He brought up the defence of self defence and was acquitted of any crime. This was considered self defence provided any weapon was destroyed as soon as the danger is no longer immediate.
I find this case interesting, it took me a while to get my head around it. I initially compared it to setting traps in your house on the off chance that it would capture an intruder (which isn't legal by the way). On the other hand I get it is self defence as the threat was imminent, it just also happened to be ongoing for days.
Regina v Clegg 1995
Not strictly a self defence case, but important nonetheless. Clegg was a soldier of the rank of private and serving in Northern Ireland in 1990. He was manning a checkpoint with other soldiers. 3 teenagers had stole a Vauxhall Astra and approached the checkpoint at speed. They showed no sign of stopping, accelerating and putting on the full beam headlights after being ordered to stop. Indeed the car drove through the checkpoint. The soldiers fired upon the car, 19 bullets in total. 4 of these came from Clegg. His last shot killed the passenger in the rear seat. The driver also died at the scene.
In 1993 Clegg was sentenced with life imprisonment for murder as it was deemed unlawful force. This is due to the car no longer being a threat to the soldiers as it was found that the last, fatal, bullet entered the back of the car.
Clegg appealed and had his conviction lessened to attempting to wound, this was decided as the last shot actually entered the side of the car, not the back.
Clegg continued to serve and progressed to become a combat medic for the parachute regiment.
Appeal – held
Clegg is different to the other cases as e felt he was doing his job rather than acting in anger or from intoxicants or in mistake. The House of Lords agreed that in this situation the murder charge should have been reduced to manslaughter but said this must come from parliament. Although Clegg’s appeal was successful, the take home message in terms of self defence is that you cannot continue your “defence” after no further threat is posed. You cant continue to batter an attacker after he is no longer a threat, whether that be running away or knocked to the floor or unconscious etc.
Another case from Jamaica; 3 people where being chased by 3 men from whom they had stole drugs from. They where armed with sticks and rocks. Palmer fired his gun at the men chasing him which killed one. Palmer said he was acting in self defence but the jury found him guilty of murder. The jury decided the scenario didn't warrant the force used by Palmer.
Palmer appealed on the grounds that, because he was acting in self defence the charge should be reduced to manslaughter. This was not successful. Self defence is an absolute defence – it either completely justifies actions or it is not successful at all. The charge cannot be mitigated, only overturned.
Guilty – Murder
The jury should take into account the actions of an instinctive and honest reaction of the victim however in this case, the jury decided that it was excessive. Palmer was unable to use self defence to mitigate the charge as it is an absolute defence, partial defences which can lessen the charge include loss of control. The all or nothing approach is sometimes criticized.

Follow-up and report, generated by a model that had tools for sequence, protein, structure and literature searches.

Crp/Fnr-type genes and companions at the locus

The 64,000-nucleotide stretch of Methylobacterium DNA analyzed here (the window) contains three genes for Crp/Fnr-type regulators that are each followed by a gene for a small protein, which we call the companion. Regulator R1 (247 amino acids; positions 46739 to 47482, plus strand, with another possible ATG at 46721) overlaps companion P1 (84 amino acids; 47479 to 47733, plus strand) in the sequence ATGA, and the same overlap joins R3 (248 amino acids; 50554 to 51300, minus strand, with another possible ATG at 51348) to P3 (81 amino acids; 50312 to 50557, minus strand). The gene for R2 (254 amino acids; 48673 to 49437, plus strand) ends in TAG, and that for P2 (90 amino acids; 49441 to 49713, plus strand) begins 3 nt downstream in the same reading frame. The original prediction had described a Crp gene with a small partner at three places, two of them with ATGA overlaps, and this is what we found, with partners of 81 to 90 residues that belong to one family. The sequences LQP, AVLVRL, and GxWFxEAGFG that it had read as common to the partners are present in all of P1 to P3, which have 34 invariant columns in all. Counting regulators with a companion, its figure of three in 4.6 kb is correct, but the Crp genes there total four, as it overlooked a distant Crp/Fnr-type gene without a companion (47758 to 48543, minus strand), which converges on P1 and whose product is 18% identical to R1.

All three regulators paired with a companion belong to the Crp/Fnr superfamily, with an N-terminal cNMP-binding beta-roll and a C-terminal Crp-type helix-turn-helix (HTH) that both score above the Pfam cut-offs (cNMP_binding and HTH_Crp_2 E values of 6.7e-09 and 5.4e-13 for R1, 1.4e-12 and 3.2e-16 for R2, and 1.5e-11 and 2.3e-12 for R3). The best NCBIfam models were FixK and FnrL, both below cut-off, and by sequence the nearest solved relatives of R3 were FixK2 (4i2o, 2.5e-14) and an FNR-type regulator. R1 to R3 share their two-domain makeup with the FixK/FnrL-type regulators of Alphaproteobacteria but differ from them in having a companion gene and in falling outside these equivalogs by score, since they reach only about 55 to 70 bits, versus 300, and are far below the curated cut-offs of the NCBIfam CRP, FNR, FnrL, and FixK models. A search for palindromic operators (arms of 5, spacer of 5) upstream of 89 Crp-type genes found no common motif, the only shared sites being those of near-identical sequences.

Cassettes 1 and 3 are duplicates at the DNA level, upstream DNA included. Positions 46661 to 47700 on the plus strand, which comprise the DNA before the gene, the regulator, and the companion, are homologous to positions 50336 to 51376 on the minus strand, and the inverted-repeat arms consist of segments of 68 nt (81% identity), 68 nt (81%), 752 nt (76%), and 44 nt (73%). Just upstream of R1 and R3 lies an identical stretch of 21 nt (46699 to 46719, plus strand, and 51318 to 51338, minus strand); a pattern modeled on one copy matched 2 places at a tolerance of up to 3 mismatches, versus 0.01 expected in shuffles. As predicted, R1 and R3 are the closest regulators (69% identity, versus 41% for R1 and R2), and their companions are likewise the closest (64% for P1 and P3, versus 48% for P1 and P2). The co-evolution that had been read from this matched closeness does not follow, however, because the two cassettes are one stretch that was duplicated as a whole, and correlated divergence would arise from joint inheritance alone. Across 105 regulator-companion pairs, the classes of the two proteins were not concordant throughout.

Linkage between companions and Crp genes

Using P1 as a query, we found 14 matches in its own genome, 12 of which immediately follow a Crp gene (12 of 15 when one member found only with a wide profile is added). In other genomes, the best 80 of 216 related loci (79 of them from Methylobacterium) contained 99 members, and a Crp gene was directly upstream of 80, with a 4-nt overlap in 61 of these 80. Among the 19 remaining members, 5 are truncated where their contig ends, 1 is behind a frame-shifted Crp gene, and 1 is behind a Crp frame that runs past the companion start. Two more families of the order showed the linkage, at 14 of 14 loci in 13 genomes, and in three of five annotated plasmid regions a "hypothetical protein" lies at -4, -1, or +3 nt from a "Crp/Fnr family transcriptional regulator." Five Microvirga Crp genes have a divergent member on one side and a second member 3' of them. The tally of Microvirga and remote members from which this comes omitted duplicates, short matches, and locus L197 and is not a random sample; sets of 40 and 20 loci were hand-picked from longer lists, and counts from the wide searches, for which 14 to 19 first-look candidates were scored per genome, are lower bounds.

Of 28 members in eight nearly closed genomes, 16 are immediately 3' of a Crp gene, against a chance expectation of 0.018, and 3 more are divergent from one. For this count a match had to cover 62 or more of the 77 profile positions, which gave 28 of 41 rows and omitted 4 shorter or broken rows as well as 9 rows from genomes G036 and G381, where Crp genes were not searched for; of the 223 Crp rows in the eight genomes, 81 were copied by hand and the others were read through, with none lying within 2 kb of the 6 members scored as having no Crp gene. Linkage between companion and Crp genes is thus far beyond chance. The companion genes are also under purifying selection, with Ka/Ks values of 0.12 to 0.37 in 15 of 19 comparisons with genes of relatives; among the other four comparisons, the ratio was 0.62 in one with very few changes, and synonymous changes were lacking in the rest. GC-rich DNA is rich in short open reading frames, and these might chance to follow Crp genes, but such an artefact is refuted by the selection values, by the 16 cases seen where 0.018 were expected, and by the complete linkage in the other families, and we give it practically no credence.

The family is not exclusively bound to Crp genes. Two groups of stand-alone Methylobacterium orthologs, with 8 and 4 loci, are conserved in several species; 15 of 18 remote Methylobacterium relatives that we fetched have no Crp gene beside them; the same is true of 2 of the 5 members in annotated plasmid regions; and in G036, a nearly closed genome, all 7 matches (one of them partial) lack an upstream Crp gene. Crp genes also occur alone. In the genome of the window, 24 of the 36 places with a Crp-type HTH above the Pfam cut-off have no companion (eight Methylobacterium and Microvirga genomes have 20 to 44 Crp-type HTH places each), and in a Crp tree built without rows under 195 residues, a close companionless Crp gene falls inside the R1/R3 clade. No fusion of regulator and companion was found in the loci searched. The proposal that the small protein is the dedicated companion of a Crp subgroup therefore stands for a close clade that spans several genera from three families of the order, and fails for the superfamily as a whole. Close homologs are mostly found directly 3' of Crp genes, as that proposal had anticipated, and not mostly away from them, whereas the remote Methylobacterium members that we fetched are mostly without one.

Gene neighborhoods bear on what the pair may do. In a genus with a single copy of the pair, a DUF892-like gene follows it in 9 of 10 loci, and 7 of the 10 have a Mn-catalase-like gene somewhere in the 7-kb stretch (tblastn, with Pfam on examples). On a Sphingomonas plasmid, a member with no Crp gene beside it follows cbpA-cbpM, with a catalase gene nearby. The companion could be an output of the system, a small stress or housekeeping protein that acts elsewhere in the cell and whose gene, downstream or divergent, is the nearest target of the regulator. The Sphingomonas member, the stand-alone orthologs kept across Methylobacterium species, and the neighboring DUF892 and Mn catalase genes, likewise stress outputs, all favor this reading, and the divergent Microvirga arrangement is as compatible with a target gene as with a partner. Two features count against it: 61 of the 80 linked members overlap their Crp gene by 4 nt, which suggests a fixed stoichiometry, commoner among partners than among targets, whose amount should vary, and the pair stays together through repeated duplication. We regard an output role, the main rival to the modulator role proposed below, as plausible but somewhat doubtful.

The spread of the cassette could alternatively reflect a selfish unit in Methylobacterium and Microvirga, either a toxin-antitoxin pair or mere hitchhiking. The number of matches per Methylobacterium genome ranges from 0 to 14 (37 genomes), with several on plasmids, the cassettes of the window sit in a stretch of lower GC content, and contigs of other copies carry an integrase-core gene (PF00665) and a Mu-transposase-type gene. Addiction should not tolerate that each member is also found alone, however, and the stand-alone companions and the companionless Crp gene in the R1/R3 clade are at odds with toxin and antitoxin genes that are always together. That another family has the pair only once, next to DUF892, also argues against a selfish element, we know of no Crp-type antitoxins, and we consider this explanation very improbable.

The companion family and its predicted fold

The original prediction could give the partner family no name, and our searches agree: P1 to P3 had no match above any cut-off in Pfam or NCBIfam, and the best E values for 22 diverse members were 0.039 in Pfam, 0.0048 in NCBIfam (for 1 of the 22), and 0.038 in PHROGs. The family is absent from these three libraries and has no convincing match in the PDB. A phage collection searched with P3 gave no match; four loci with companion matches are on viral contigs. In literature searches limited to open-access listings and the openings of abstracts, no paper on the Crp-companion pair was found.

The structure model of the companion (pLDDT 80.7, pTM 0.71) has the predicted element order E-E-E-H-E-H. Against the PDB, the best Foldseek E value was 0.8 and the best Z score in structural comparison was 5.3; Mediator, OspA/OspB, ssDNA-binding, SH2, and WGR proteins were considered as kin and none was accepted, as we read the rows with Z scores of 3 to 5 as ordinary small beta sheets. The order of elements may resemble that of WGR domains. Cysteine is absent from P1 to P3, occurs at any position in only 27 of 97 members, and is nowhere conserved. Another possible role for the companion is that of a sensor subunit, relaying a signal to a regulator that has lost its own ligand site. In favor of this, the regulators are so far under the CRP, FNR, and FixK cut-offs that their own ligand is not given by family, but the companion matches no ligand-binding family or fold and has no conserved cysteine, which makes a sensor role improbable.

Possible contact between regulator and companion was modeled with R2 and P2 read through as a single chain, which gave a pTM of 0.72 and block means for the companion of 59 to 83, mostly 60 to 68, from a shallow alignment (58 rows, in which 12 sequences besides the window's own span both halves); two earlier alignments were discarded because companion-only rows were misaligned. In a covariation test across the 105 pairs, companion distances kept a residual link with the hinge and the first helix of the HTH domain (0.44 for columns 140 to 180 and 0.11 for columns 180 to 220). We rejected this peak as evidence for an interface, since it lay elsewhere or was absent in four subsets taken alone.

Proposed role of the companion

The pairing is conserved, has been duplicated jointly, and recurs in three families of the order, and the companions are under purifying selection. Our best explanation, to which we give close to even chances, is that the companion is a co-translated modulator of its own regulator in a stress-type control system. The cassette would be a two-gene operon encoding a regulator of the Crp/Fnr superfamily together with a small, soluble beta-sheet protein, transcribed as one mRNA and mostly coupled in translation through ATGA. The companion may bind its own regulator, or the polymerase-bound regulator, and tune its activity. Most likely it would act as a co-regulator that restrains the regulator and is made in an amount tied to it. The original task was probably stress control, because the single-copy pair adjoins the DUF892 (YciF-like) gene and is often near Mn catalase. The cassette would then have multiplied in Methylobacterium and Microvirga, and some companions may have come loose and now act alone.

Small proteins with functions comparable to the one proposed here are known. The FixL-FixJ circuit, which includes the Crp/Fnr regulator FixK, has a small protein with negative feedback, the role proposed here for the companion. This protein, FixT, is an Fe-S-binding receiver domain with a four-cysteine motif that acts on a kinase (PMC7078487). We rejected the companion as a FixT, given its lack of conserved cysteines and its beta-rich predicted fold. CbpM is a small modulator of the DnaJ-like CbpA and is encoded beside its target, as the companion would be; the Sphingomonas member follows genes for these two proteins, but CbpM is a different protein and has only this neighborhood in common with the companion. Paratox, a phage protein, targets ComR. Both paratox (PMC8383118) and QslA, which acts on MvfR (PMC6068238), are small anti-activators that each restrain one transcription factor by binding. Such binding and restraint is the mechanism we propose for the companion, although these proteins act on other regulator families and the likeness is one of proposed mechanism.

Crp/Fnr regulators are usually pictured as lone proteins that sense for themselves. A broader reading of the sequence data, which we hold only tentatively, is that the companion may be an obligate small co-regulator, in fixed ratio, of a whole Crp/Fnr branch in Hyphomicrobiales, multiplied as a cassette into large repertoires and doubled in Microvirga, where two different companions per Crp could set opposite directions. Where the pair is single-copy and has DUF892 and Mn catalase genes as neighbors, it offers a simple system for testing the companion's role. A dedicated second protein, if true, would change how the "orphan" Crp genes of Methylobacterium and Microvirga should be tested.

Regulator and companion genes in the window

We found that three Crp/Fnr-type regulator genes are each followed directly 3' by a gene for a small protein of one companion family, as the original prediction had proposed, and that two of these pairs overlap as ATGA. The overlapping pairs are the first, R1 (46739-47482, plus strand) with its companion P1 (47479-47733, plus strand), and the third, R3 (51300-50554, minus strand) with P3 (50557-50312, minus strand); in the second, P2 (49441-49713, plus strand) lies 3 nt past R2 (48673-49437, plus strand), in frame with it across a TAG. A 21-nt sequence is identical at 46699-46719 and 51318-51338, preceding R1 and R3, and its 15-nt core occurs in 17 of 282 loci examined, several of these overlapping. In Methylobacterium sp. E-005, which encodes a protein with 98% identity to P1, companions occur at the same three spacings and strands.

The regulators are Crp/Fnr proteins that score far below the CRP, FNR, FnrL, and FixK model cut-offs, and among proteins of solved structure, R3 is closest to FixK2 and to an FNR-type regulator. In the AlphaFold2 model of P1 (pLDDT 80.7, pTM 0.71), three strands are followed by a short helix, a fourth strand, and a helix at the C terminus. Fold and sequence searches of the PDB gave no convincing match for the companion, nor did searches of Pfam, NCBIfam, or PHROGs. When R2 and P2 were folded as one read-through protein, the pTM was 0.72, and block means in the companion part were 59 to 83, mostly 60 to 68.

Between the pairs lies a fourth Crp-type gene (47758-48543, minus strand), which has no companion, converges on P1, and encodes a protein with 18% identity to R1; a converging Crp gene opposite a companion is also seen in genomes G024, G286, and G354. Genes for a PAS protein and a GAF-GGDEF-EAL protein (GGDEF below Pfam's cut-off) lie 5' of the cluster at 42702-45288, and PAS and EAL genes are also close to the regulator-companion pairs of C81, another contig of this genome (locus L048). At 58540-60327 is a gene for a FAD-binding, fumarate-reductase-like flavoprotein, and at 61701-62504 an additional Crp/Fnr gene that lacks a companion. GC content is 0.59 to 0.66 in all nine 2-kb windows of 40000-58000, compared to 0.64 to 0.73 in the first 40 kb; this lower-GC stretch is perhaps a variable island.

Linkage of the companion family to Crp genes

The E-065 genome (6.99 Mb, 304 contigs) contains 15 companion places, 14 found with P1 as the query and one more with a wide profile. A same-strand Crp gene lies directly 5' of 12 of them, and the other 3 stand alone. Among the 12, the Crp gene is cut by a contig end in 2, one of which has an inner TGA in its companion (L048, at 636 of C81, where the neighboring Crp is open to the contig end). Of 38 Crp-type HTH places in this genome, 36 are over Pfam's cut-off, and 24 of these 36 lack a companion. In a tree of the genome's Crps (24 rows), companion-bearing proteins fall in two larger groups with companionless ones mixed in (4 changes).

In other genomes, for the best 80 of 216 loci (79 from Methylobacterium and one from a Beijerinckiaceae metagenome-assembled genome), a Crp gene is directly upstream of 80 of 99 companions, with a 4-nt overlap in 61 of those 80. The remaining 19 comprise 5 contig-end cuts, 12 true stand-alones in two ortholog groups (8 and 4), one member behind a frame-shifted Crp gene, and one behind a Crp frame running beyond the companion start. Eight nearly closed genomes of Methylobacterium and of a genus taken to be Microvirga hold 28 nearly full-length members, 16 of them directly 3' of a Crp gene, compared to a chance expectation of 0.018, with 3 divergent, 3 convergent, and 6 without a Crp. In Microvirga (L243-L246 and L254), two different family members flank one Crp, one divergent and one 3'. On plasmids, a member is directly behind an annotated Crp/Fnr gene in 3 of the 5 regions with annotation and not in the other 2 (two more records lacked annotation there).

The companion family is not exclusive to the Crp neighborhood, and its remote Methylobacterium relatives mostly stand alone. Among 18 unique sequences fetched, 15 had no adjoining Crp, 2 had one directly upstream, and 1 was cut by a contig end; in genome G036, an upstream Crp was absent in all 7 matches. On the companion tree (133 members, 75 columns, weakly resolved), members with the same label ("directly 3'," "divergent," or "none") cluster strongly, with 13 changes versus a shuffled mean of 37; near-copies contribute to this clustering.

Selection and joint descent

The Queen v Howe 1958
This last case is from 1958 Australia so isn't completely transferable but is a good example. Howe was drinking and was allegedly sexually assaulted by a man which Howe repelled. At this point there was a small fight between the 2 men. Howe ended by going to his car and taking a rifle and shooting the man dead at around 8 meters. The man had his back to Howe at the time, Howe also took the mans money from his wallet and discarded the wallet. Howe said that he shot the man as he felt he couldn't hold off another assault with his hands alone.
The jury found that Howe acted honestly in the circumstances however the force was excessive and unreasonable. Because of this he was charged with manslaughter as opposed to murder.
Guilty – manslaughter
This case took place in Australia but was still a demonstration of the objective force in the subjective circumstance issue. The jury should see the circumstance as felt by the defendant but the actions should be judged based on the objective reasonable force. In this case the jury found that Howe had acted honestly but it was still excessive in comparison to a reasonable person.
There are countless successful bids for self defence like the man who cut off the ear of an intruder with a samurai sword and many unsuccessfully cases like the brothers who hit a man with a cricket bat after he has tied up his family demanding a ransom.
The finer points of self defence have to be obeyed in order for it to be successful, it is the aim of the crown prosecution service to serve the public and protect them if they act honestly however this cannot be the case in all situations. Be sure to check out the self defence law post if you haven't yet had a look. And let me know if you agree with the jury in the cases above!
Remember, lawful, reasonable, proportionate and justifiable!